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Mysterious drones loom over Paris for second straight night

TOP: On Feb. 9, French company Malou Tech’s “Army” speed drone, mounted with a Go pro Hero3, performs during a demonstration flight in La Queue-en-Brie, east of Paris. (Francois Mori/AP) BOTTOM LEFT: An aerial file photo taken Jan. 11 shows the Eiffel Tower. (Kenzo Tribouillard/AFP via Getty Images) BOTTOM RIGHT: A July 9, 2012, photo from a French army Transal aircraft shows the Invalides in Paris during a rehearsal flight ahead of the traditional July 14 military parade. (Guillaume Baptiste/AFP via Getty Images)

Unidentified drones were spotted flying over Paris for the second night in a row, French police say.

The unmanned aircraft were spotted near the U.S. Embassy, the Eiffel Tower and several major roads leading out of the capital in at least five instances Tuesday night and early Wednesday morning, according to Agence France-Presse.

The sightings are the latest episode in a months-long mystery that has baffled French police. The tiny, unexplained drones have been haunting some of the country’s most sensitive locales — power plants, government buildings, a bay in Brittany where nuclear submarines are housed — sparking unease in a nation already on high-alert after January’s deadly attacks on a satirical newspaper office and kosher grocery store in Paris.

And even after months of sightings, officials have few leads as to the drones’ operators and purpose. Police say they could be scouts for a sinister criminal operation or part of a benign but ill-conceived prank. Because small drones can be bought easily and cheaply in France, nearly anyone could be responsible for them.

A Paris prosecutor called for a police investigation of the drone appearances Tuesday, as French law prohibits flying the vehicles in urban areas, a spokesman told the Wall Street Journal.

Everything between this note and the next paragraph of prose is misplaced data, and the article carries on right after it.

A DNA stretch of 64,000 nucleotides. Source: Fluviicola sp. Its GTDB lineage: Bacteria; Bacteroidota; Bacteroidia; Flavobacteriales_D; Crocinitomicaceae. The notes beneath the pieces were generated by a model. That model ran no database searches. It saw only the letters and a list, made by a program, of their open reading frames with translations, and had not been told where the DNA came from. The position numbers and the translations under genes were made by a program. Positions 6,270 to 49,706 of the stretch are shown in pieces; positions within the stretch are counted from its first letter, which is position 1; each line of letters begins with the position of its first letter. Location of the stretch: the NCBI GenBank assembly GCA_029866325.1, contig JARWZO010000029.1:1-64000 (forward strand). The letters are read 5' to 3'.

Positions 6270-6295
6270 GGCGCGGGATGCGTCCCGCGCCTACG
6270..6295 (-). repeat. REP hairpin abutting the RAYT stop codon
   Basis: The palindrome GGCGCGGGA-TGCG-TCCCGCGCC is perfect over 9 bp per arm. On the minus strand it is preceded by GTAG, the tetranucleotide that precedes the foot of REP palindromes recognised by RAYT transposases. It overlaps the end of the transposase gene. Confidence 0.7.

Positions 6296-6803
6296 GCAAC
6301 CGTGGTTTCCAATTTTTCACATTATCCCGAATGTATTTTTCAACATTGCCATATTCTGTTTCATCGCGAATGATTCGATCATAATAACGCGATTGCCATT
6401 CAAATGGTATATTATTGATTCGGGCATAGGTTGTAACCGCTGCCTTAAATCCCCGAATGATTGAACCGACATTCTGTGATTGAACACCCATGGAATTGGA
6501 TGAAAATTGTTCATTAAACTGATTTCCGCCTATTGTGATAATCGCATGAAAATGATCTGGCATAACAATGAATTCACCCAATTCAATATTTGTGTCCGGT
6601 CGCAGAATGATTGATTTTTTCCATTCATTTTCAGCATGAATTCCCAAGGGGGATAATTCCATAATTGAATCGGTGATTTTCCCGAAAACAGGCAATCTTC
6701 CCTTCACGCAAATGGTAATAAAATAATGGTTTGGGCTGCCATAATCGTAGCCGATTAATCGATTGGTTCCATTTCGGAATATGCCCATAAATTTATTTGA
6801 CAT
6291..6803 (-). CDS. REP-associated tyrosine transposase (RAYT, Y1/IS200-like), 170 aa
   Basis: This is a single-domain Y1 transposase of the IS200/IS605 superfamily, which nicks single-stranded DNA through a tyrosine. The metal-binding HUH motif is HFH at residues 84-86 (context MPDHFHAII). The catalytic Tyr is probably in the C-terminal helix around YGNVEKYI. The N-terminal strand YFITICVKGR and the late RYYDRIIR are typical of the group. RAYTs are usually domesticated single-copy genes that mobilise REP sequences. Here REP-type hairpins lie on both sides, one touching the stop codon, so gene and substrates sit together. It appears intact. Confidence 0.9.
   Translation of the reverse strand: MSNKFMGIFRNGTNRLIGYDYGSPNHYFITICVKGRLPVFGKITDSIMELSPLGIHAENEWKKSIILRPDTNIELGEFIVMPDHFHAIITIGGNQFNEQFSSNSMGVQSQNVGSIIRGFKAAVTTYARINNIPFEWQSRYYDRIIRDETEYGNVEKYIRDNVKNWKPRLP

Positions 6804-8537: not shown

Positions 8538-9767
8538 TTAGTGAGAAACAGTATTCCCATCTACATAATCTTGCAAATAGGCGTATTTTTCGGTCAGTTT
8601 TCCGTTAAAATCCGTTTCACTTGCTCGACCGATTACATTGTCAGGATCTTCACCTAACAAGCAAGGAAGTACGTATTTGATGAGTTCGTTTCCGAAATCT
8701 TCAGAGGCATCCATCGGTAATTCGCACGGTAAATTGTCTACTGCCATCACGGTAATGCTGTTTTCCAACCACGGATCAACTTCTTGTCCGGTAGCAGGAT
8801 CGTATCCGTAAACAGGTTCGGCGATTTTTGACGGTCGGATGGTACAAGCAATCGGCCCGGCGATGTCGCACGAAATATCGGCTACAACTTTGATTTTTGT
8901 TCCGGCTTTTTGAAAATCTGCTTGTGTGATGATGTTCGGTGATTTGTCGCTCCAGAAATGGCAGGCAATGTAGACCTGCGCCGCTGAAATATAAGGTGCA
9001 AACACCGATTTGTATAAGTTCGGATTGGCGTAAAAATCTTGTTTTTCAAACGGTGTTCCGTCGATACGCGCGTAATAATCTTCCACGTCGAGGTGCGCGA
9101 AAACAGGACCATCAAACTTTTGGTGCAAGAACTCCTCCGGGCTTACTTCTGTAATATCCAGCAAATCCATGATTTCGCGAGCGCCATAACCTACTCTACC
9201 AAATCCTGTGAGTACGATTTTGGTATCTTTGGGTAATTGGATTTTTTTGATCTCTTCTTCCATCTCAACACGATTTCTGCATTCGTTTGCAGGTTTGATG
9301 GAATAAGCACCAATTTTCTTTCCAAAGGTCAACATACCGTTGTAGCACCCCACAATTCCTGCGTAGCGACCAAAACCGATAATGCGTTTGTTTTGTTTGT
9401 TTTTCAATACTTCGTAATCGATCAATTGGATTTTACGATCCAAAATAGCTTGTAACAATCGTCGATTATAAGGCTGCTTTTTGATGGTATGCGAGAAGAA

The sightings date back to October, when guards for the state-run power company reported spotting the aircraft buzzing near a nuclear plant about 100 miles from Paris. Authorities confirmed that the drones were civilian or commercial, not military, and labeled them an “organized provocation” aimed at “disrupting the surveillance chain and protection of these sites,” the New York Times reported at the time.

Three people were arrested in association with the October incident but were released after authorities determined that they were simply “harmless model enthusiasts.”

And the unexplained flyovers continued. In January, a drone was spotted zipping over the Elysee Palace, home to French President François Hollande, just a week after the Paris terror attacks.

The BBC reported that these latest flights were captured on film and will be analyzed by a team of 10 investigators convened in the wake of the initial sightings. It added that analysts believe authorities are more more likely to be concerned that a member of the public could be hit by a drone than by the risk to security.

A spokesman for France’s Gendarmerie Nationale declined to comment on the drone sightings.

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